• Don’t lie in bed awake: If you’re unable to fall asleep after 20 minutes, get up and do a calming activity until you feel sleepy.
• Limit screen time before bed: Avoid using electronic devices such as phones, tablets, and computers for at least an hour before bed, as the blue light can disrupt your sleep.
• Exercise regularly: Regular exercise can improve the quality of your sleep, but avoid exercising too close to bedtime.
• Watch what you eat and drink: Avoid heavy meals, spicy or acidic foods, and large amounts of fluids before bedtime.
• Seek treatment for sleep disorders: If you experience persistent sleep problems, seek medical advice to rule out any underlying sleep disorders such as sleep apnea or insomnia.
• Prioritise sleep: Understand the importance of sleep for your health and make it a priority in your daily routine.
I’ve also found a lot of links between regular daily exercise and good sleep patterns. More recently this is an area that Matt Walker has been exploring. He has found that while all types of exercise seem to benefit our sleep, the more aerobic exercise people do, the better they sleep, in comparison to for example, weight bearing resistance training. ‘Moderate intensity aerobic exercise (ie you don’t need to kill yourself!) helped people fall asleep 47 per cent faster than normal’ he says. This is good news for me as my favourite exercises are swimming at Snamh and walking in the woods in Glengarriff (rather than going to the gym). I’ve also found (anecdotally) that a short walk after your evening meal can help to promote good sleep patterns – so that’s something I’m trying at the moment. I’m taking my dog up the road and back, in the dark, for a total of about 15 minutes. I’ll report back in a month or two if this helps! We also know that making sure we have optimal levels of magnesium in our diet is essential for good sleep patterns. Matthew Walker mentions magnesium supplementation in ‘Why We Sleep’ explaining that magnesium is an essential mineral that plays a crucial role in regulating the body’s stress response and sleep-wake cycle. He also notes that some research suggests that magnesium supplementation may improve sleep quality and reduce insomnia symptoms in certain populations. One of the first things we ask about when people come into Organico with sleep issues is how much Magnesium they are taking – it’s suggested that an adult takes at least 400 mg in supplemental form on top of what they will be getting from a good healthy diet full of greens, whole grains and seeds.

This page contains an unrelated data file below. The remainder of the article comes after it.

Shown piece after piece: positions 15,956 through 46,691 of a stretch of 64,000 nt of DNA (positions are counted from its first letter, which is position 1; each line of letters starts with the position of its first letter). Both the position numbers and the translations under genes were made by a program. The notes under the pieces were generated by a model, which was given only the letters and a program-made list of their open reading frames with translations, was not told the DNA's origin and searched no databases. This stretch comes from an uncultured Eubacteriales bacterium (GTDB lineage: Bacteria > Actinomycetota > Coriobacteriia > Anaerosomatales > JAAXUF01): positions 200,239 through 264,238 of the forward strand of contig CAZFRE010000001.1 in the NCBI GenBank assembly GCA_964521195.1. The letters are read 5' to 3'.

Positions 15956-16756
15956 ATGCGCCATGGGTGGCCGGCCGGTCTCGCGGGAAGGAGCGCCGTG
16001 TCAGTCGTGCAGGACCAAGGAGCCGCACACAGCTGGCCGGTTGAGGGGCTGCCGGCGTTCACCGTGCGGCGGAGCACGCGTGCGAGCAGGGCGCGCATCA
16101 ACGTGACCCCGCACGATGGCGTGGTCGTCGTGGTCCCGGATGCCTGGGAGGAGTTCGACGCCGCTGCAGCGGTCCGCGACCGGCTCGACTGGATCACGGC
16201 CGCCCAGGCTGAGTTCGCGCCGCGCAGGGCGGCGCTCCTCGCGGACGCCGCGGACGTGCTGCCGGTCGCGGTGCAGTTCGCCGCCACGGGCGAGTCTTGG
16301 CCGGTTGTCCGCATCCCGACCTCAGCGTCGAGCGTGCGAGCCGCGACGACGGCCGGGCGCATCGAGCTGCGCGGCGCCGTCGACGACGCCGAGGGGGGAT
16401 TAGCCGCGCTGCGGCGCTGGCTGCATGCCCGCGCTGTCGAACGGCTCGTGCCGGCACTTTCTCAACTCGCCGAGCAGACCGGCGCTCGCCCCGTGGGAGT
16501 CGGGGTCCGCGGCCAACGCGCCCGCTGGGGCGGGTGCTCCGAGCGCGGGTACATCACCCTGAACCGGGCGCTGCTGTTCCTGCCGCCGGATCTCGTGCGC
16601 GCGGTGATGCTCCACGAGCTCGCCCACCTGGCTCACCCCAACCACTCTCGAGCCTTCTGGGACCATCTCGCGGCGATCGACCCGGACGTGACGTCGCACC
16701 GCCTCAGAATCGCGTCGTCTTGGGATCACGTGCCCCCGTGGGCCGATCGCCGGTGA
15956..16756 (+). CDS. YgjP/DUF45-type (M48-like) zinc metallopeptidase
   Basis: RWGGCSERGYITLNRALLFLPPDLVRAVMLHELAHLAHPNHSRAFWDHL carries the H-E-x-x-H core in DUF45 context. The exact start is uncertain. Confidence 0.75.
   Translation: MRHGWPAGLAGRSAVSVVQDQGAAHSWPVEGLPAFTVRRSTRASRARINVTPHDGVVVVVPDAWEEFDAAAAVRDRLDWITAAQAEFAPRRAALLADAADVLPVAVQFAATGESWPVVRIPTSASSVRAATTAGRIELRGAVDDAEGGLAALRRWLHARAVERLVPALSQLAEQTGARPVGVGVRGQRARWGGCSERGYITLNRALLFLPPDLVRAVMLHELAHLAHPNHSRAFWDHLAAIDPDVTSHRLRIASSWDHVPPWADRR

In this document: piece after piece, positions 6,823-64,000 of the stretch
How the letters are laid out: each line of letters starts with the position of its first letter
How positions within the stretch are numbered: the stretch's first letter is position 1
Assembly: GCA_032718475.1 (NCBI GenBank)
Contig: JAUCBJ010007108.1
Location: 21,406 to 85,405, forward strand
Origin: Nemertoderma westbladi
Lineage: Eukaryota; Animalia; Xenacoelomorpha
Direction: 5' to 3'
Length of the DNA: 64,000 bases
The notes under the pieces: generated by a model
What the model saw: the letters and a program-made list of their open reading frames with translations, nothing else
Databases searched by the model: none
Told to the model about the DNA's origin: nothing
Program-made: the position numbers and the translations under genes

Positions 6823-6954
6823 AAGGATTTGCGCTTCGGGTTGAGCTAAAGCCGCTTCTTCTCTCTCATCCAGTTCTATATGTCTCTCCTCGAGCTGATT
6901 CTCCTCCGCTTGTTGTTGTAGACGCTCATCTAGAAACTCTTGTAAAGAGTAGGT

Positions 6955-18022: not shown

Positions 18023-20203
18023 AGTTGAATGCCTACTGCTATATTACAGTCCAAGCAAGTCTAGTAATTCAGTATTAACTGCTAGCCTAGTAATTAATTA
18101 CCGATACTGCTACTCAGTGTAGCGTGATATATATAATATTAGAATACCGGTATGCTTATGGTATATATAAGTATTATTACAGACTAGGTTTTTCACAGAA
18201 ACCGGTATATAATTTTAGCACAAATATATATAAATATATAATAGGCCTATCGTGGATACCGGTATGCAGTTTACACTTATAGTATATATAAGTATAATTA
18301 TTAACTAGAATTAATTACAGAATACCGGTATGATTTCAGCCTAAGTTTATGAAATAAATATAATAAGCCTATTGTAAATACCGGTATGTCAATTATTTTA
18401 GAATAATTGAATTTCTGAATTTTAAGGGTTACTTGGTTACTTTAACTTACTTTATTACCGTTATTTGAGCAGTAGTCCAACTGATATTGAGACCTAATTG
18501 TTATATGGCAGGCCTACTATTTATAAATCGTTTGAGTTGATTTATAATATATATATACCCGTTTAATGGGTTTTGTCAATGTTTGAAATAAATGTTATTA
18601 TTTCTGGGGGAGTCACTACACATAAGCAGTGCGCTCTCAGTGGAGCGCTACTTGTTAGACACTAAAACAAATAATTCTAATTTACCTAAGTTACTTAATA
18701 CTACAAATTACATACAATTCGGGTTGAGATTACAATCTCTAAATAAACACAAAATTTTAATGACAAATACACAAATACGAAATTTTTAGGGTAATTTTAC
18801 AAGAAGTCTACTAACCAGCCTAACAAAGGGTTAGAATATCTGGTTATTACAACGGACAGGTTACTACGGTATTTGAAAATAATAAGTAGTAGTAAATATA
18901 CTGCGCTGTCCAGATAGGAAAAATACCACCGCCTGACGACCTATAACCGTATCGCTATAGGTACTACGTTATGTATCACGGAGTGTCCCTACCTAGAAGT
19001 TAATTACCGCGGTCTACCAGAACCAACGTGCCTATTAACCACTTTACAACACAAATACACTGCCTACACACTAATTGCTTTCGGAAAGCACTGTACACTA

Finally, if you have difficulties falling asleep and want an alternative to medication, there are some herbs that can be helpful. Valerian, Passionflower and the extract Theanine are all good for reducing stress and inducing sleep. Call into your local healthfood shop for advice on the different options to help you get into a good sleep routine.
Organico News: Unusually, we are opening this St Patrick’s Day from 10-5pm – given that it’s a Friday and so many of our customers do their weekly shopping on Fridays, we thought we had better break our rules and open even though it’s a Public Holiday! Also, in the Deli we are testing a sandwich toaster – look out for our new Sourdough Toasties menu coming soon – call in if you are in Bantry!
Organico Shop Deli and Bakery is open from 9-6pm Monday to Saturday, on Glengarriff Road in Bantry. Call us on 027 51391; email us on email@example.com and find us online on www.organico.ie.